Aneesh Chopra, Obama’s Chief Techie, on Building a Startup-Friendly Region and Why Now is the Best Time to be an Innovator in America

5/9/11Follow @curtwoodward

As chief technology officer for the Obama administration, Aneesh Chopra has been heavily involved in efforts to expand access to huge amounts of government data, and encourage techies and entrepreneurs to help solve public policy problems using that data. Xconomy’s Wade Roush talked with Chopra last year, producing this in-depth Q&A that included discussions about healthcare innovation, the government’s role in baiting entrepreneurs with competitions, and big data feeding commercial solutions.

Since then, President Barack Obama announced a new initiative called Startup America, a public-private partnership that aims to boost the economy by improving the conditions for entrepreneurs. Chopra has been among the key evangelists of this effort, which he described as “the national call to arms, so to speak, around the opportunities to promote high-growth entrepreneurship.”

As a preview to his appearance tomorrow at the Technology Alliance’s State of Technology Luncheon, I spoke with Chopra about the administration’s efforts, the role of the private sector, and what it takes to produce results that last beyond the next State of the Union speech.

One of his big messages includes a strong dose of economic optimism: “It is my thesis that there’s never been a better time to be an innovator than today, especially when tackling the big challenges that are in front of us.” Specifically, he calls out the nation’s systems for healthcare, education, and energy.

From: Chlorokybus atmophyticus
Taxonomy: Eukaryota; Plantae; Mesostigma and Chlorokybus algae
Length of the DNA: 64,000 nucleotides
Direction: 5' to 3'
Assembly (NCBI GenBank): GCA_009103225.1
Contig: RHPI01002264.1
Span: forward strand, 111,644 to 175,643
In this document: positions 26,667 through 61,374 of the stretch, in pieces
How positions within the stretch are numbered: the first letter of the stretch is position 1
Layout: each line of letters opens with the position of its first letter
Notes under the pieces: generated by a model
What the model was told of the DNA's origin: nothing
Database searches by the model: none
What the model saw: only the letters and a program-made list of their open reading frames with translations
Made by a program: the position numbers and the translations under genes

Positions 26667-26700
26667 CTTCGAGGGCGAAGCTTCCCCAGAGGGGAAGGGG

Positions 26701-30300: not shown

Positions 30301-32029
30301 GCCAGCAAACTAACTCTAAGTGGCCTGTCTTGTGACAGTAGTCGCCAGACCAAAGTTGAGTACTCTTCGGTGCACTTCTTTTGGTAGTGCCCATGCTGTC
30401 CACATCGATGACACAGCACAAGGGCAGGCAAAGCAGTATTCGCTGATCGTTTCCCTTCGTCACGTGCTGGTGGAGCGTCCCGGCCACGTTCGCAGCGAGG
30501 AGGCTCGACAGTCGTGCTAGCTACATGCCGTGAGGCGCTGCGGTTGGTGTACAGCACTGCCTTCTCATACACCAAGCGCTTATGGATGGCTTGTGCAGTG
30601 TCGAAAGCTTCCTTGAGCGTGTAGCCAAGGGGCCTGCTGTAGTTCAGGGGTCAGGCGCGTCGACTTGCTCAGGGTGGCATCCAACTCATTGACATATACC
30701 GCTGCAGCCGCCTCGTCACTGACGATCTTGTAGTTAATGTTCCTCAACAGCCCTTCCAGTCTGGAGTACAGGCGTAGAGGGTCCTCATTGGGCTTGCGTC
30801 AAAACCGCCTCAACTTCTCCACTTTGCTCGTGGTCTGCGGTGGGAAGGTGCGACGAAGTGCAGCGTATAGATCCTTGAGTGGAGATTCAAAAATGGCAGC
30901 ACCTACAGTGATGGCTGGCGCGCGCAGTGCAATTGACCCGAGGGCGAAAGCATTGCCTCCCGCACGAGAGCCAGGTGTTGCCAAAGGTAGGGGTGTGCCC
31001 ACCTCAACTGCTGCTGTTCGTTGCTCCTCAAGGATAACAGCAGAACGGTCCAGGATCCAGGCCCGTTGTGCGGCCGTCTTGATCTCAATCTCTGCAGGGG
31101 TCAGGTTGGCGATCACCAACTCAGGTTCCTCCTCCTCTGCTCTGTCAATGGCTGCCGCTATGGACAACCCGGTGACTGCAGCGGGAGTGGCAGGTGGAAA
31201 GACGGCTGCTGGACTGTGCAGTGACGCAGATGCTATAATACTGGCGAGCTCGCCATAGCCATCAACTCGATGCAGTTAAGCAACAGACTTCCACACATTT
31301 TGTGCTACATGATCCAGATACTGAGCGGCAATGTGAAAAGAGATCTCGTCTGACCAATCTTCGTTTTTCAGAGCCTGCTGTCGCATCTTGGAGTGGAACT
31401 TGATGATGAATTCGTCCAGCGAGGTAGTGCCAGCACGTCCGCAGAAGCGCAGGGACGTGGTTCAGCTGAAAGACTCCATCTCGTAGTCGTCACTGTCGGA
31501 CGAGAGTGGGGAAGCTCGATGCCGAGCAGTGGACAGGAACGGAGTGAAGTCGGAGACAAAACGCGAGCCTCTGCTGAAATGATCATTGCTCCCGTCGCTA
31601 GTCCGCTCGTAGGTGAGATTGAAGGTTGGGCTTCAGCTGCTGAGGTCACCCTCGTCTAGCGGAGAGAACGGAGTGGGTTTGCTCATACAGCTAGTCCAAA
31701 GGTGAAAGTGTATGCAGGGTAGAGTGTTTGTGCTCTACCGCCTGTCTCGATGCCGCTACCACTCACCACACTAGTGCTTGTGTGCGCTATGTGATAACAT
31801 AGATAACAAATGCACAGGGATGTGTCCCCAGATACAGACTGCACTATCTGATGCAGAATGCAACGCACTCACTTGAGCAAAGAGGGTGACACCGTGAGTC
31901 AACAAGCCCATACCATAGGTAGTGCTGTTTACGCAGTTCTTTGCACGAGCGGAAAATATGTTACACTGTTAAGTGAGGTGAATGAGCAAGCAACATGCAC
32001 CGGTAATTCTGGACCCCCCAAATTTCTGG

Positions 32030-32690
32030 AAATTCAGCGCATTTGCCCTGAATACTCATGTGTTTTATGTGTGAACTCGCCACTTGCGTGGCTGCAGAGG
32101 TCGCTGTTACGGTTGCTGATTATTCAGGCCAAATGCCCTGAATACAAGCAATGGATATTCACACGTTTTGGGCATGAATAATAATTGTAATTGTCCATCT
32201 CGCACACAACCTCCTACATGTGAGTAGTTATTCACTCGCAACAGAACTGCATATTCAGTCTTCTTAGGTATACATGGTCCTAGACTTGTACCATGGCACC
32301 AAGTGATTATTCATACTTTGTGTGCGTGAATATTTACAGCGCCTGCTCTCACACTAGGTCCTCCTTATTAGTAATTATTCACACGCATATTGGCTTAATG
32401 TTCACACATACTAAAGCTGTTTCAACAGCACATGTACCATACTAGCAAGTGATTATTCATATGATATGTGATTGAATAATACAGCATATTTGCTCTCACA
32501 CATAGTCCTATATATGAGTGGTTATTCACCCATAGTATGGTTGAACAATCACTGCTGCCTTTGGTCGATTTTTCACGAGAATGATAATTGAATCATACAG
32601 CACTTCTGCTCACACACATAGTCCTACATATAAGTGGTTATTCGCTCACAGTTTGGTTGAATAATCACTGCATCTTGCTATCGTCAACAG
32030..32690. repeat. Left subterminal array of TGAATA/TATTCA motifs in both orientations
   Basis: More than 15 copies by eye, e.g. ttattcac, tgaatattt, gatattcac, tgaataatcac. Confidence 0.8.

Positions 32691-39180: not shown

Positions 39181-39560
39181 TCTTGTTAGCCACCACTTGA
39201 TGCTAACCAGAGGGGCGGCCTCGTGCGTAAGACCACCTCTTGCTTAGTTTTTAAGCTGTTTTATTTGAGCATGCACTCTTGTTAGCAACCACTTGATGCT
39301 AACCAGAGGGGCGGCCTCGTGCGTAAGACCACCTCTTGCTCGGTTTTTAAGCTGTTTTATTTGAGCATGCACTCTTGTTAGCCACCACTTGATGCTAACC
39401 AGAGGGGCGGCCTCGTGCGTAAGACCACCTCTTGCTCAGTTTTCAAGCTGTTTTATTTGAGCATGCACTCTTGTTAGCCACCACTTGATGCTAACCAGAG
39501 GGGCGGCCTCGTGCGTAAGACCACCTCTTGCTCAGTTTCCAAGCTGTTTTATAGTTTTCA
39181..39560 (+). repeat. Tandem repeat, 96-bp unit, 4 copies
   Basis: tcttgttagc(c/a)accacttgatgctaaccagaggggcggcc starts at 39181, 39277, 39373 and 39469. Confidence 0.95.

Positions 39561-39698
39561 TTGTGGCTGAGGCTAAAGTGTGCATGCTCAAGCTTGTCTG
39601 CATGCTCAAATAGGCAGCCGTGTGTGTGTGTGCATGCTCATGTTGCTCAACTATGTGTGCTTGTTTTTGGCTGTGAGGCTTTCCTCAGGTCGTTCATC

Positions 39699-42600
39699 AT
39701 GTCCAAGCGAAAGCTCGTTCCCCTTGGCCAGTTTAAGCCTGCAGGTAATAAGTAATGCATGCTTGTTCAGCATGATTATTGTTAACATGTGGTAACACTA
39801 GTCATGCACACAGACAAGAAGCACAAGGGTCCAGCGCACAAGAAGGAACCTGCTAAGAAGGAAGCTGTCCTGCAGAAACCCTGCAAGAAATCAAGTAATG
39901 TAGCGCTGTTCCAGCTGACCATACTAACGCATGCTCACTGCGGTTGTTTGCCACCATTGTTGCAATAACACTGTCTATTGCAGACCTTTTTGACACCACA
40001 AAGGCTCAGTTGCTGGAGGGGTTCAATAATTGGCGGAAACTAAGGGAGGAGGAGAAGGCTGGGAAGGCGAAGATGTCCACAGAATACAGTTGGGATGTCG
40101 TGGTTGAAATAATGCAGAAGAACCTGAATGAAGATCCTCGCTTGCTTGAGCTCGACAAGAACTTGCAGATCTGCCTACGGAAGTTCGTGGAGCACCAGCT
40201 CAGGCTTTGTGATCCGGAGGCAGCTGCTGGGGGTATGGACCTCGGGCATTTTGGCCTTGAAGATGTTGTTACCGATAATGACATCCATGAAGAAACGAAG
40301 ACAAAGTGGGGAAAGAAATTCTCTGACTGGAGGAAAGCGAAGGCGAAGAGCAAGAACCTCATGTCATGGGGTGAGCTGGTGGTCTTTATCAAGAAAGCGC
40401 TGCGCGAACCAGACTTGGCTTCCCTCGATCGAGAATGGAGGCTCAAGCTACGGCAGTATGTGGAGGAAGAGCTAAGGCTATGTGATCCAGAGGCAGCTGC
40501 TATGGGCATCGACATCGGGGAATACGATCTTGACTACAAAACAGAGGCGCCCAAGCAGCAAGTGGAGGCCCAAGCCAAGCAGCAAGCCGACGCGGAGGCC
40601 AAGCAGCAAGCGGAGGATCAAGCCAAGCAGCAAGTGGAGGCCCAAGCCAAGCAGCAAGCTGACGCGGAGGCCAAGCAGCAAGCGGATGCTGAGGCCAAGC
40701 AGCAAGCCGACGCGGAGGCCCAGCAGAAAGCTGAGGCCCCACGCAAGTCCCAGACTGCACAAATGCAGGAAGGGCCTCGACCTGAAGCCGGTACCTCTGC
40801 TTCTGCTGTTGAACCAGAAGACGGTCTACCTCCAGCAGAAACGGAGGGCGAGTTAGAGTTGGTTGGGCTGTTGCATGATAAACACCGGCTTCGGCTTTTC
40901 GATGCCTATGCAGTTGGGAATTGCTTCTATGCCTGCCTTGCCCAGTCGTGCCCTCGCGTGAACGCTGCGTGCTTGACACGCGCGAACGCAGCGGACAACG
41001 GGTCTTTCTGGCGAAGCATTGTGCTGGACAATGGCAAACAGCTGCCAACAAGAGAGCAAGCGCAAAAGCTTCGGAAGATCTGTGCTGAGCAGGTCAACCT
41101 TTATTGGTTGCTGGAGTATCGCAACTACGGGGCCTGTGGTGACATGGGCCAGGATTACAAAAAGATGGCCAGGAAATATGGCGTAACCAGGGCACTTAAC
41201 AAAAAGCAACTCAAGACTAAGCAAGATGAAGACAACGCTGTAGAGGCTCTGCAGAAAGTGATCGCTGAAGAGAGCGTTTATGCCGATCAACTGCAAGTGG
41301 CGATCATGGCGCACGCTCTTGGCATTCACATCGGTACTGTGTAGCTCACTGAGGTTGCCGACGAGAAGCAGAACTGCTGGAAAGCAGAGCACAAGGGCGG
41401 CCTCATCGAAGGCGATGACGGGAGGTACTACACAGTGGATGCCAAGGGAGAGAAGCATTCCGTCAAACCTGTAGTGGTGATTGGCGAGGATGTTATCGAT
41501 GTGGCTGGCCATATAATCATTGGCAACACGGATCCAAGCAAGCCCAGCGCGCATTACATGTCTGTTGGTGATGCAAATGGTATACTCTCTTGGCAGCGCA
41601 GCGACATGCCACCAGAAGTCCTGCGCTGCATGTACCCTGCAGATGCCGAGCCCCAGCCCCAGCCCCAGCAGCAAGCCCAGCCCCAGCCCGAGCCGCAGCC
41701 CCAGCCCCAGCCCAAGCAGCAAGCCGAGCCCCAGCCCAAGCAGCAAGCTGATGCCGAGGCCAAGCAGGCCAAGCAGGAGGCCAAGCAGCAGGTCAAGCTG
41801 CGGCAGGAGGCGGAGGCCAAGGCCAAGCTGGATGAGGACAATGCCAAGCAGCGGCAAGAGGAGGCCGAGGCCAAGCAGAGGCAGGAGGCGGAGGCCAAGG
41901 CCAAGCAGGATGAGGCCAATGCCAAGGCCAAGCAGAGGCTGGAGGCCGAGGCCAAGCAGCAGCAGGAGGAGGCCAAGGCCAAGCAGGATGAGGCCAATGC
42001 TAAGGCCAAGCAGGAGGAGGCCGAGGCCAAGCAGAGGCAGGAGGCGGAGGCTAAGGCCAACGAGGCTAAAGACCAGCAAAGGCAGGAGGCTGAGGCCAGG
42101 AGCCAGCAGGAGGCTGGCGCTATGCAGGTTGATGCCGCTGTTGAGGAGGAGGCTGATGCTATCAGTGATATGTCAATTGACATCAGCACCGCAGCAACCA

In healthcare, the focus of Obama’s signature domestic policy initiative for his first term, Chopra says there are “three forces that are coming into play that we believe will act as rocket fuel for innovators.”

The first is changing the way society pays for health services.

“In this country, you get what you pay for. And if Medicare pays people more if they perform more procedures, schedule more visits, then what you see is a pretty healthy growth in both of those areas. If you incentivize value, which is making sure people stay healthy, we believe that shift in payments will open up a new market for a range of IT-enabled services that do not exist today,” Chopra says.

The second trend spurring healthcare innovation, he said, is the modernization of health records and information, allowing better sharing among providers and other actors in the system.

“We will have an unprecedented transformation in the healthcare sector to digitize healthcare information that today is locked up in a file cabinet. And we have put in place the technical foundation for that data to be liberated with full respect to patient privacy and security,” Chopra says. “It’s not just the fact that the information is now digital, it’s that it’s now more liquid and accessible.”

The third force boosting entrepreneurship in healthcare, Chopra says, is throwing open the doors to vast troves of government data. The Department of Health and Human Services, he says, … Next Page »

Curt Woodward is a senior editor for Xconomy based in Boston. Email: cwoodward@xconomy.com Follow @curtwoodward

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